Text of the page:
TerraCycle is not a cosmetic brand itself but it does offer a free program to the public for recycling cosmetic product packaging. This program is sponsored by Garnier who partners with TerraCycle to make sure that their cosmetic packaging doesn't end up in the landfill. However, any brand is accepted by the program. TerraCycle specifies that the products are collected for recycling, reusing, or repurposing by third party companies that it partners with. TerraCycle only participates in full-circle programs which means that they do not promote burning waste for energy methods.
The downside to the program is that physical drop-off locations are rare and you have to sign up for a spot on the mail-in program. Given its popularity, it took me three months to get a spot, which is a lot longer than most people are willing to wait. If you happen to live in Portland, OR or Bellingham, WA by chance, I will do pick-ups and send them in!
Origins offers a recycling program for any brand of cosmetics and was actually the first company to create a recycling program in the beauty industry back in 2009. The program accepts any type of primary product packaging, excluding sample sizes and applicator brushes, sponges, etc. To participate, bring any cosmetic packaging to the nearest retail store and deliver it to the customer service counter. The products are then either recycled or burned for energy recovery. This service is only available in North America currently.
Lush Cosmetics is a company offering both packaging free products and a recycling system for their packages. Through their 5 Black Pot Program, Lush accepts any size black pots (clean) at their any of their stores for recycling. Once five black pots are returned, the customer receives a free face mask. The pots are taken to their recycling facility in Vancouver, Canada where they are reground and made into new black pots. Therefore, their pots are always made from 100% post-consumer recycled material! It's a wonderful example of how companies can design closed loop systems into their product model.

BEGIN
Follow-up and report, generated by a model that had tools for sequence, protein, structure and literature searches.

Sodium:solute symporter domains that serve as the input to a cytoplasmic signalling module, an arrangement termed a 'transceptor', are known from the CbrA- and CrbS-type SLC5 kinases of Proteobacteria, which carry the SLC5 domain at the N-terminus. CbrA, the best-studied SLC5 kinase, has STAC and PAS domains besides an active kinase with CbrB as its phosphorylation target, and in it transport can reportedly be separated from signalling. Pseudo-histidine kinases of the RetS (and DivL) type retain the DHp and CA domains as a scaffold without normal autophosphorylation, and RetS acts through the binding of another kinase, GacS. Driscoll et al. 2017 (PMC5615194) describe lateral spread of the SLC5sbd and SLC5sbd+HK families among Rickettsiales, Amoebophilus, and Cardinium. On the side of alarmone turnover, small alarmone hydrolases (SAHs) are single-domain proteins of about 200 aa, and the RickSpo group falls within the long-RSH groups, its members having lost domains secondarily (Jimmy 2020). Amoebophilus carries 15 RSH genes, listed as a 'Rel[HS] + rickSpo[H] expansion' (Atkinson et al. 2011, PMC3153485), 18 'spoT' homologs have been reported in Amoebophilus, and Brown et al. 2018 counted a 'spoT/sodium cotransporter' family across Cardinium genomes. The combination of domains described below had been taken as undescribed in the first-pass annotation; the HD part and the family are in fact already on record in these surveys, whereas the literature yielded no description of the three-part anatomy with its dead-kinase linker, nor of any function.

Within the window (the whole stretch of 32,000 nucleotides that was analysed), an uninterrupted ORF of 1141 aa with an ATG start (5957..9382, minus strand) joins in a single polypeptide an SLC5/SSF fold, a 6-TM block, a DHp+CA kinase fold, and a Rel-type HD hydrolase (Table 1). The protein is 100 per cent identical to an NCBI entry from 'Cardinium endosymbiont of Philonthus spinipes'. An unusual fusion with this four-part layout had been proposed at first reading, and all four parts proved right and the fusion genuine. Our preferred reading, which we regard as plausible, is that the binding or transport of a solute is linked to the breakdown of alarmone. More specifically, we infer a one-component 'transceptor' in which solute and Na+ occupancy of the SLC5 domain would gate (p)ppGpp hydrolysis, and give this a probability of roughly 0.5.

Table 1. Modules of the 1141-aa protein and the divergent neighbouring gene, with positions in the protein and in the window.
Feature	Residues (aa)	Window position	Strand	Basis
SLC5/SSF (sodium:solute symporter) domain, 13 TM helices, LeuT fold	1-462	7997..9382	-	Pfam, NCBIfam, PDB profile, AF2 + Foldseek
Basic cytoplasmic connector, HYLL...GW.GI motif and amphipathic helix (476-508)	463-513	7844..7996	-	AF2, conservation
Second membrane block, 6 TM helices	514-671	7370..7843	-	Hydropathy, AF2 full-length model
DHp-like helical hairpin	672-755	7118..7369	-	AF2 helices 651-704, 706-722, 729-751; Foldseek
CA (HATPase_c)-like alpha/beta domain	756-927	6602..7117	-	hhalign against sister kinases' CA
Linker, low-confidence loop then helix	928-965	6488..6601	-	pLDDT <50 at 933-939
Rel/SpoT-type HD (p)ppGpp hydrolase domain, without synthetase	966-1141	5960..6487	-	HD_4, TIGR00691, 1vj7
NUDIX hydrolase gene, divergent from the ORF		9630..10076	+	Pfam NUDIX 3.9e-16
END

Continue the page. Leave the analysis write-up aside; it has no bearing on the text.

Kiehl's offers an in-store recycling program that accepts full-size, sample size, and complementary product packaging. If 10 full-size bottles are returned for recycling, the customer will receive a free travel size Kiehl's product. Customers keep a "stamp book" to track returned bottles until a total of 10 is reached. There are not specifics provided on how or where the recycling process takes place.
MAC Cosmetics currently accepts primary packaging for recycling and will give you a free lipstick for every six products you turn back in. The program specifies that "primary packaging" is anything that holds the product itself and excludes any sort of applicator brush, sponge, etc. and samples. The program is only available in-store and offers no details on how or where the recycling process takes place.
Zoya is a nail polish company that offers a recycling program once a year on Earth Day. Zoya pledges to properly recycle any brand of nail polish that is sent in around Earth Day and offers customers 50% off their order by participating. Zoya's website however does not specifically describe how or where the recycling takes place. Also, in general I do not recommend the use of nail polish as most brands have some nasty ingredients and nail polish remover is equally awful.
Remember that first you should reduce the quantity of cosmetic products you buy.
Then, look for companies that offer refillable brands and sustainable packaging.
If none of those work out, come back and check this list for companies offering recycling programs!